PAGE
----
ESPN to Charge for Online Content, BusinessWeek Reports

By on 06/05/2009 10:38 AM @beet_tv

ESPN is planning on merging its magazine and other online offerings, including Web videos from the the cable network, into a paid subscription site in August, Jon Fine reports in BusinessWeek

There has been much talk about the viability of pay models for media, clearly the folks at ESPN are betting that sports fans will pay.

Last week in California at D: All Things Digital, I caught up with Jon for a talk about the profound changes in the media landscape.  He says that the turmoil in the media industry has made it a very exciting beat to cover.  We agree.

More in this up on Romenesko and on Mediabistro.

Andy Plesser, Executive Producer.

Video Transcript

Joe Fine:  Right now no one's invented the solution yet.  It doesn't mean that, you know, at this conference we're going to hear from someone who's just like "bang" got it, or at least is gonna say something. Hasn't happened yet. The issues with inventory, like essentially infinite online inventory is finally depressing prices all over the place. And more to the point, advertisers have slowed down spending.  I mean they've slowed down spending everywhere, including online.  Online, you know figures are coming out from analysts like Sanford Bernstein that are showing that online ad spending was down in the first couple months of the year.

Online, is there good news?  I mean, they haven't invented it yet. A dynamic that I find interesting is that, I mean this is a minority view, but I'm I'm pretty convinced, I think, that at the end of the day, the television will come out with a greater share of the ad market than it did, which is to say that everything else is going to contract a lot faster.  It's not to say everything is, you know, hearts and flowers for TV.  I mean, clearly, broadcast TV has been problematic.  Clearly local TV stations are just at a terrible time. It's like the local car dealers have gotten killed, they just got totally wiped out. But the overall numbers I think for the entire industry aren't going to be that awful and it remains the last, I mean, I've written about his a bunch of times now, but you know. The big broadcast networks from in the last place to get one really huge audience at one time and granted now it's eight million instead of ten million instead of fifteen million. But there's still a perceived premium in getting all those people at once and no one has really equalled that. And maybe no one really can equal that.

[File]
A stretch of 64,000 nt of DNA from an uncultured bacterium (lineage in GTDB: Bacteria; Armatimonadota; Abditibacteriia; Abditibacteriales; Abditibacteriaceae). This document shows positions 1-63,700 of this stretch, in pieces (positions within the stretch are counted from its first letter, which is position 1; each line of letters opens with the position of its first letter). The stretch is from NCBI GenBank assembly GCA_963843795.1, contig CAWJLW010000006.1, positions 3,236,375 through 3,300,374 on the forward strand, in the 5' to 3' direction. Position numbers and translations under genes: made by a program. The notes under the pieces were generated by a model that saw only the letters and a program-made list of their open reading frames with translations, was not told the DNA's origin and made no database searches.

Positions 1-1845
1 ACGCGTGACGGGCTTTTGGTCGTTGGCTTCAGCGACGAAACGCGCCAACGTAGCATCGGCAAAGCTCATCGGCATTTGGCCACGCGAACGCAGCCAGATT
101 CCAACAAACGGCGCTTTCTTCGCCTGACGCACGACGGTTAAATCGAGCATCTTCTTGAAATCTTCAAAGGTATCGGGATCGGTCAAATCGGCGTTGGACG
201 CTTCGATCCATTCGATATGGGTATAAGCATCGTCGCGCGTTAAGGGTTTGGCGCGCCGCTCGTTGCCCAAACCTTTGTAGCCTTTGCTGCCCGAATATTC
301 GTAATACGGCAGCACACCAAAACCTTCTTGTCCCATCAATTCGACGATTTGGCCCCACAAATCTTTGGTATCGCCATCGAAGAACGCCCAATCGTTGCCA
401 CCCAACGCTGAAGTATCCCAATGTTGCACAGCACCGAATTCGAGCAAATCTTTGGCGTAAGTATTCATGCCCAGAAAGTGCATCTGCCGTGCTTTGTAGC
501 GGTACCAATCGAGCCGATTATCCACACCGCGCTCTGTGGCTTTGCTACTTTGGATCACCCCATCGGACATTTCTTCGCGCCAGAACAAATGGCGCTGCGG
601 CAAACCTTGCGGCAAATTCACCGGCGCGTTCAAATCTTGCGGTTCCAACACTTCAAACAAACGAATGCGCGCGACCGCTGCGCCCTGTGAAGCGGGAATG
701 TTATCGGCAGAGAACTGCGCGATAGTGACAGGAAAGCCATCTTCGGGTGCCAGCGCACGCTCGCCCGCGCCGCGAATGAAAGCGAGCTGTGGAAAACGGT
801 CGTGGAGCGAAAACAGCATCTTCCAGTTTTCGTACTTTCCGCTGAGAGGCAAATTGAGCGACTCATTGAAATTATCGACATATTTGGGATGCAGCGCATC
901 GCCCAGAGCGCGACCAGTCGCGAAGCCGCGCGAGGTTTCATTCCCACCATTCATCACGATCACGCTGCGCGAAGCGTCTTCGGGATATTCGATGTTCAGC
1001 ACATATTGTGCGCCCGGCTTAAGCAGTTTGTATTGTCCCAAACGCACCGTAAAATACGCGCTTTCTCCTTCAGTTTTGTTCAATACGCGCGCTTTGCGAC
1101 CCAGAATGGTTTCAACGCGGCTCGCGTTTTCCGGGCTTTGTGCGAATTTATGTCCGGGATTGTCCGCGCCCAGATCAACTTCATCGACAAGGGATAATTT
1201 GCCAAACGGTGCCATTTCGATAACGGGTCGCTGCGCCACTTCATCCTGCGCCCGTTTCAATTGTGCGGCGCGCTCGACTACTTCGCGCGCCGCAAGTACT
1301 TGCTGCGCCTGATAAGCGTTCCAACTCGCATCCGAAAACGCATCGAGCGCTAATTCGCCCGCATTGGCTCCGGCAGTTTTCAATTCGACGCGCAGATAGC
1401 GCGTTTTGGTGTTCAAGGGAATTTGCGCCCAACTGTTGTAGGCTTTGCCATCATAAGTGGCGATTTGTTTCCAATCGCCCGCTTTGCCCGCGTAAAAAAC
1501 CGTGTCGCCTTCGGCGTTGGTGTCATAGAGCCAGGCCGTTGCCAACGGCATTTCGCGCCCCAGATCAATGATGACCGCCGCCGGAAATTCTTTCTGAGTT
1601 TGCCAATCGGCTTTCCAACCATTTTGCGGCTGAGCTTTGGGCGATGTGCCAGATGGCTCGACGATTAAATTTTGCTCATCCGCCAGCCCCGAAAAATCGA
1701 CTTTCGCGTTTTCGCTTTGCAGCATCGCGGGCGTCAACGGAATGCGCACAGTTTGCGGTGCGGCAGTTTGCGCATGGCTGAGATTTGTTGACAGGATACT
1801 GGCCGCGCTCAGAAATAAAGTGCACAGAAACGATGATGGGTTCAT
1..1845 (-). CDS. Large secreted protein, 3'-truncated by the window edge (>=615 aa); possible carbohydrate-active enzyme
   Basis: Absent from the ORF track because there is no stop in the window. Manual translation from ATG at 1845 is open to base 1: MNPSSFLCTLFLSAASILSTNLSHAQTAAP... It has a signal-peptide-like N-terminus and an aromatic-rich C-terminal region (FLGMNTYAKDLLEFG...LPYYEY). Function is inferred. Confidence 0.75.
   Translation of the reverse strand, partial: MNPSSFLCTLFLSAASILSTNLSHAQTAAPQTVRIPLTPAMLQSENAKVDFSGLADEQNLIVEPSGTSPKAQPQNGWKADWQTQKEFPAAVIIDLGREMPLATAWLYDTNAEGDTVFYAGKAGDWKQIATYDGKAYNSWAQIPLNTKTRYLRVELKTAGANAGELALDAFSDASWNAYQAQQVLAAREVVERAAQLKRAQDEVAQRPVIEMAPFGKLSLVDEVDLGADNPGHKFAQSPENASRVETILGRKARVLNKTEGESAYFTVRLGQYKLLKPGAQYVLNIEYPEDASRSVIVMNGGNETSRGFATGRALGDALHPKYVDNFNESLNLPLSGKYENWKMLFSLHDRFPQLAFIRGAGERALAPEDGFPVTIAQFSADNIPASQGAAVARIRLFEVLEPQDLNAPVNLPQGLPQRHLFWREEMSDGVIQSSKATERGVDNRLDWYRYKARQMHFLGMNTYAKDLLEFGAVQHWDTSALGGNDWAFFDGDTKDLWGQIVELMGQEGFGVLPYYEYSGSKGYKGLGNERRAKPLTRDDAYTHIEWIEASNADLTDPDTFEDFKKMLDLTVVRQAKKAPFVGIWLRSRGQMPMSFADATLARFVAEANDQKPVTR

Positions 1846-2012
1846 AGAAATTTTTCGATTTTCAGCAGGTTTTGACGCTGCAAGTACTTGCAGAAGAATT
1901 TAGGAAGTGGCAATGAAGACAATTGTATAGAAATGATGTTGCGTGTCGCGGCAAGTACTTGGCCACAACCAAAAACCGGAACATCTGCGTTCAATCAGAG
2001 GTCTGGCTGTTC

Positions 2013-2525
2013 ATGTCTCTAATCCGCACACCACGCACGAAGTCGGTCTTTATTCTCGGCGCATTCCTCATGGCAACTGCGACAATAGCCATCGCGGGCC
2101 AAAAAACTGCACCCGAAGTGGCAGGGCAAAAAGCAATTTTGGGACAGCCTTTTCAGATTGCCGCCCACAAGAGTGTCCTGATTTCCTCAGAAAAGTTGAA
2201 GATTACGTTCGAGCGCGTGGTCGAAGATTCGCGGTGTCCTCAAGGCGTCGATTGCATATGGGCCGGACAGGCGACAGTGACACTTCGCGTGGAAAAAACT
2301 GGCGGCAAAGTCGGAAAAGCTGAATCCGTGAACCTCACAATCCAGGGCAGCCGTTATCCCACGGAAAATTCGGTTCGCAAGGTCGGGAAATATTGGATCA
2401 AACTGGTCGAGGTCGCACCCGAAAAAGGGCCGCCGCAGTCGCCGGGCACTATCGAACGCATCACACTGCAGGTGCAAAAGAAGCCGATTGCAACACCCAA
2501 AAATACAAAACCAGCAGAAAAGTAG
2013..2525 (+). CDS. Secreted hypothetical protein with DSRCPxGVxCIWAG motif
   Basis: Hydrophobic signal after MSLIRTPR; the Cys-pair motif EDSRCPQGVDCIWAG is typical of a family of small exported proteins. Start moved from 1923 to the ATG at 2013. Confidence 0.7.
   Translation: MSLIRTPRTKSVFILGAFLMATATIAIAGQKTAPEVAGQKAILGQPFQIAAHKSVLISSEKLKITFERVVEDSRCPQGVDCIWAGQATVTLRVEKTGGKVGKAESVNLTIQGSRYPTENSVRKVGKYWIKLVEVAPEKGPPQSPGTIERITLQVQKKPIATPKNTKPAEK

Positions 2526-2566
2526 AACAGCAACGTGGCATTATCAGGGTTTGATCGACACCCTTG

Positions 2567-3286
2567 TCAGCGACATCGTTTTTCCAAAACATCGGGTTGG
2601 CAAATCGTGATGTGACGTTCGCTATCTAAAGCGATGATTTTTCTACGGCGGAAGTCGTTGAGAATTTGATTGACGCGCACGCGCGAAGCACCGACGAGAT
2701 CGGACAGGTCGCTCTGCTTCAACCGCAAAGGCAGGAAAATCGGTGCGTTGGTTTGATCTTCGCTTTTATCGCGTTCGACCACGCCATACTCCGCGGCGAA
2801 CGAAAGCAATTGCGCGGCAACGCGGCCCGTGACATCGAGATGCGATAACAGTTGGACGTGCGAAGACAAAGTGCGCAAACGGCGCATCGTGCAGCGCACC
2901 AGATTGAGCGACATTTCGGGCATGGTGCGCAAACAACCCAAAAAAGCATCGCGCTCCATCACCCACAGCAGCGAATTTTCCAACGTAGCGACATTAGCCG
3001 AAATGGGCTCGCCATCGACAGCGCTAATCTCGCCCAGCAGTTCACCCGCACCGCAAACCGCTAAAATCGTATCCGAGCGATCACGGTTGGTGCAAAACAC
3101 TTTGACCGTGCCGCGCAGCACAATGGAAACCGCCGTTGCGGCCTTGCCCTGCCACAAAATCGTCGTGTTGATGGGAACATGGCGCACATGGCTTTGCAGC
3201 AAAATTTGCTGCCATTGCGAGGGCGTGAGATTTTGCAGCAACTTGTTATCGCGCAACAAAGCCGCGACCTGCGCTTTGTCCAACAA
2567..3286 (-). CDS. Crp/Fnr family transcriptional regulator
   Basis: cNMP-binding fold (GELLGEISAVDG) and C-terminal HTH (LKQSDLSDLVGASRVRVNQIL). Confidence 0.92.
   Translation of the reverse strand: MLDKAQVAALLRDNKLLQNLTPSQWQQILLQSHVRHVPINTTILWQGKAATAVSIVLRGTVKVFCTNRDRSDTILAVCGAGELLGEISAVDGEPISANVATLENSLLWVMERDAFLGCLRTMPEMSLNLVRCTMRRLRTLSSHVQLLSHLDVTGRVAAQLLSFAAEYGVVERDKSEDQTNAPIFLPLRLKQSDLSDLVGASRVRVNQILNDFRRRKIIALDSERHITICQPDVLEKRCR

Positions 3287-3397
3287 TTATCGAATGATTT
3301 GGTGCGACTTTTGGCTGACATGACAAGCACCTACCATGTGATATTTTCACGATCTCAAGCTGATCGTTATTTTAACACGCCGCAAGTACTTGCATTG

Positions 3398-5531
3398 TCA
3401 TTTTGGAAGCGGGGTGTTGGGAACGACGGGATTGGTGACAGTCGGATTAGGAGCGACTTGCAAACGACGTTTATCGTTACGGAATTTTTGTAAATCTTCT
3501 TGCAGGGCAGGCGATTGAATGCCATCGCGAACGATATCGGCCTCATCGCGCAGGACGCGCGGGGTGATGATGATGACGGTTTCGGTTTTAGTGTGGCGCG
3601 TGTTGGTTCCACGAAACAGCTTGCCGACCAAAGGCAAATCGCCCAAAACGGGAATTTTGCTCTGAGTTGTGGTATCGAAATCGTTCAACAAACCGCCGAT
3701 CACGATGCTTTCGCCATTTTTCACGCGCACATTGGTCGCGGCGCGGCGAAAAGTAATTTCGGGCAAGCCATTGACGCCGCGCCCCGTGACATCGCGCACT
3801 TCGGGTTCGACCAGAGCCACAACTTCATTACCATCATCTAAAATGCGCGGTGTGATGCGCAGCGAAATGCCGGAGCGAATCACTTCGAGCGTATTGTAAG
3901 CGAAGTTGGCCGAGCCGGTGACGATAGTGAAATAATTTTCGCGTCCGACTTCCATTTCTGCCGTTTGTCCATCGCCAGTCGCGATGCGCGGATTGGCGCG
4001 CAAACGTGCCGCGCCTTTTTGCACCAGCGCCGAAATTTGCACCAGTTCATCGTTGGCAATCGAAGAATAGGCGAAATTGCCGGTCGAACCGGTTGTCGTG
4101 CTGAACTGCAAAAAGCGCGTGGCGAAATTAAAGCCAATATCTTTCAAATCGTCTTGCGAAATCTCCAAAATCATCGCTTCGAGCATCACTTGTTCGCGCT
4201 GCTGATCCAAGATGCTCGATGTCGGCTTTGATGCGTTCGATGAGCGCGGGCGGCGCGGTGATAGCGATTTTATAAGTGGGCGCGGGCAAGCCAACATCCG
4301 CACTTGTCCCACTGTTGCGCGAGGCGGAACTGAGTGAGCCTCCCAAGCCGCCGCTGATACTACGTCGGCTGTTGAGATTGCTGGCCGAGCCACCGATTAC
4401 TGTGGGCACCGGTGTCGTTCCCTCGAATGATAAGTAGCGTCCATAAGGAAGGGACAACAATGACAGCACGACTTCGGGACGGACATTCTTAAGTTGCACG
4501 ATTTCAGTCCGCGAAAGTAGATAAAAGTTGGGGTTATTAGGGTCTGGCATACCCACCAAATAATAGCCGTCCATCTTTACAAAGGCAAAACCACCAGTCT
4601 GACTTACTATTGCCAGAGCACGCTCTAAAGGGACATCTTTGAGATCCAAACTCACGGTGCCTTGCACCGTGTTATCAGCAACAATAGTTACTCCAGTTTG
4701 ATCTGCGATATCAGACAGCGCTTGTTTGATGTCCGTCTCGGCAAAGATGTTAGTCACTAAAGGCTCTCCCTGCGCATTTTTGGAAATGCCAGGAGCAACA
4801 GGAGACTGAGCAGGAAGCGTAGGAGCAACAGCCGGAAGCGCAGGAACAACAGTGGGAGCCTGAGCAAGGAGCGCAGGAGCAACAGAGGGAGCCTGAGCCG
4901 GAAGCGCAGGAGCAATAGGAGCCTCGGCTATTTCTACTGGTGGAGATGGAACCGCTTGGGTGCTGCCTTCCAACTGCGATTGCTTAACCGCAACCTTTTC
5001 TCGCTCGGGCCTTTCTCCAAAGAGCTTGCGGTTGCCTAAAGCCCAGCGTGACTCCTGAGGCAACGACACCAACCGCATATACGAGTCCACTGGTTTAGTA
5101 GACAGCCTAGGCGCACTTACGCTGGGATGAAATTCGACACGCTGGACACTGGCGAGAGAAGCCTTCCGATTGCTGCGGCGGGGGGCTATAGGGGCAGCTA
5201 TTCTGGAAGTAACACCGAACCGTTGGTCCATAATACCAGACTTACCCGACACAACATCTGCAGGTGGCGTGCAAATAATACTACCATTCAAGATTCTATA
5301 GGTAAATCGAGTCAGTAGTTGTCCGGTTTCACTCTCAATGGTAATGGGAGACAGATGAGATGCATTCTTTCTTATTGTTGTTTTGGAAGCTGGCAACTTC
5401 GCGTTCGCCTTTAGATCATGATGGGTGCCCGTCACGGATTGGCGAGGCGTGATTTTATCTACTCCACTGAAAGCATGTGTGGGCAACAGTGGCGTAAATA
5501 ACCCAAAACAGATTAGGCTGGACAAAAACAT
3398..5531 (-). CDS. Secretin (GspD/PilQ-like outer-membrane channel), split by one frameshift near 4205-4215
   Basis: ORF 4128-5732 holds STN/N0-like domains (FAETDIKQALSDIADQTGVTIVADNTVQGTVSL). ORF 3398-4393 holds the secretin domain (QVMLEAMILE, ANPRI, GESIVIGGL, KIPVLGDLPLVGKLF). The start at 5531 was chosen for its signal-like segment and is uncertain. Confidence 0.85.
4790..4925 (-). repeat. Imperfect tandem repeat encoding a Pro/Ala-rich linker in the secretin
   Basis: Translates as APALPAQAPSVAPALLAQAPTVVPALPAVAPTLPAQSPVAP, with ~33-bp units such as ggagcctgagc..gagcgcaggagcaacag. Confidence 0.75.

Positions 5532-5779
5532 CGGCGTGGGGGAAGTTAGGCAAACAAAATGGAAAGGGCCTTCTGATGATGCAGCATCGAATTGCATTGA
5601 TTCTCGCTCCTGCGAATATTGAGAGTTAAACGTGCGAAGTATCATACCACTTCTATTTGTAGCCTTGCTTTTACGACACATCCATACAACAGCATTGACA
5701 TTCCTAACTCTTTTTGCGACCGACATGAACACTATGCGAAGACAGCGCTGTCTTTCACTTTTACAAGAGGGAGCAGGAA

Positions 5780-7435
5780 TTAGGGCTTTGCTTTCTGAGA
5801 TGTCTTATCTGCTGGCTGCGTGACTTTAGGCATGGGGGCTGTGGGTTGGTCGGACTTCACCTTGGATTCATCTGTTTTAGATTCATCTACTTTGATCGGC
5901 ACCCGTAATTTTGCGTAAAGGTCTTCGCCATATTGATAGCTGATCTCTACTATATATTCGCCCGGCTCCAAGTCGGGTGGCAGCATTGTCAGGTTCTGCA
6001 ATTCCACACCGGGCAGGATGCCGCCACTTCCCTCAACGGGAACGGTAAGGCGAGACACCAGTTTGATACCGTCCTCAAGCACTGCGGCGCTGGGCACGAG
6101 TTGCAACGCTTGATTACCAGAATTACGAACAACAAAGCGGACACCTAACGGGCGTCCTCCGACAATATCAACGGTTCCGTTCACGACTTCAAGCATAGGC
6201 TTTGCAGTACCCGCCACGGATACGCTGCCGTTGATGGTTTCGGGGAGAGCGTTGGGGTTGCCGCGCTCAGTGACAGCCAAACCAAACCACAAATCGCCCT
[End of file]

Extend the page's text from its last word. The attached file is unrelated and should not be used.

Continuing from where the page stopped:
You get on top of that weird other sort of institutional issues, like I think, this is still American, there's still some kind of you know value, whether it's ego or vanity, that people associate either with being on television or getting their product on television. And, you know, that kind of can't be understated quite that way.  Although, I guess, I don't know if, you know, reading something in the paper, having something appear in the paper means as much to a twenty year old as it does to a fifty year old, you know if like something gets mentioned in the paper if it has the same significance. But it seems to be hanging on for TV little longer. At least that's my story and I'm sticking to it.

We're actually at a kind of, you know… The transition is really accelerated, I mean stuff is really happening right now. People said the newspaper's classified, you know, ads were gonna go away. They've been saying that since like the late eighties, and, guess what, it finally happened. Certain other business models, I mean local radio I mean those things seem to be melting kind of irretrievably. And, you know, once again, all the behaviors are pointing to the web, the advertisers aren't quite there yet I think there's some complicated reasons as to why they're not there yet. I don't know if they ever will get there.  Let me rephrase that, I know that the ad dollars won't get there in the same way.  At least not the way the world is set up right now.

But I mean there's constant reinvention I mean like — all these companies that shed people shed executives and shed units, I mean those people go out and do something new. Usually in some tangent to the space because that's what they know. And and it's just it's endlessly fascinating. I mean you hear heart rending stories you get heart rending emails, I mean you hear angry people, you hear sad people,  you hear people that are just plain freaked out. But I mean stuff is really happening; if you're a journalist, you want to be on a story where there's action, there's plenty of action going on.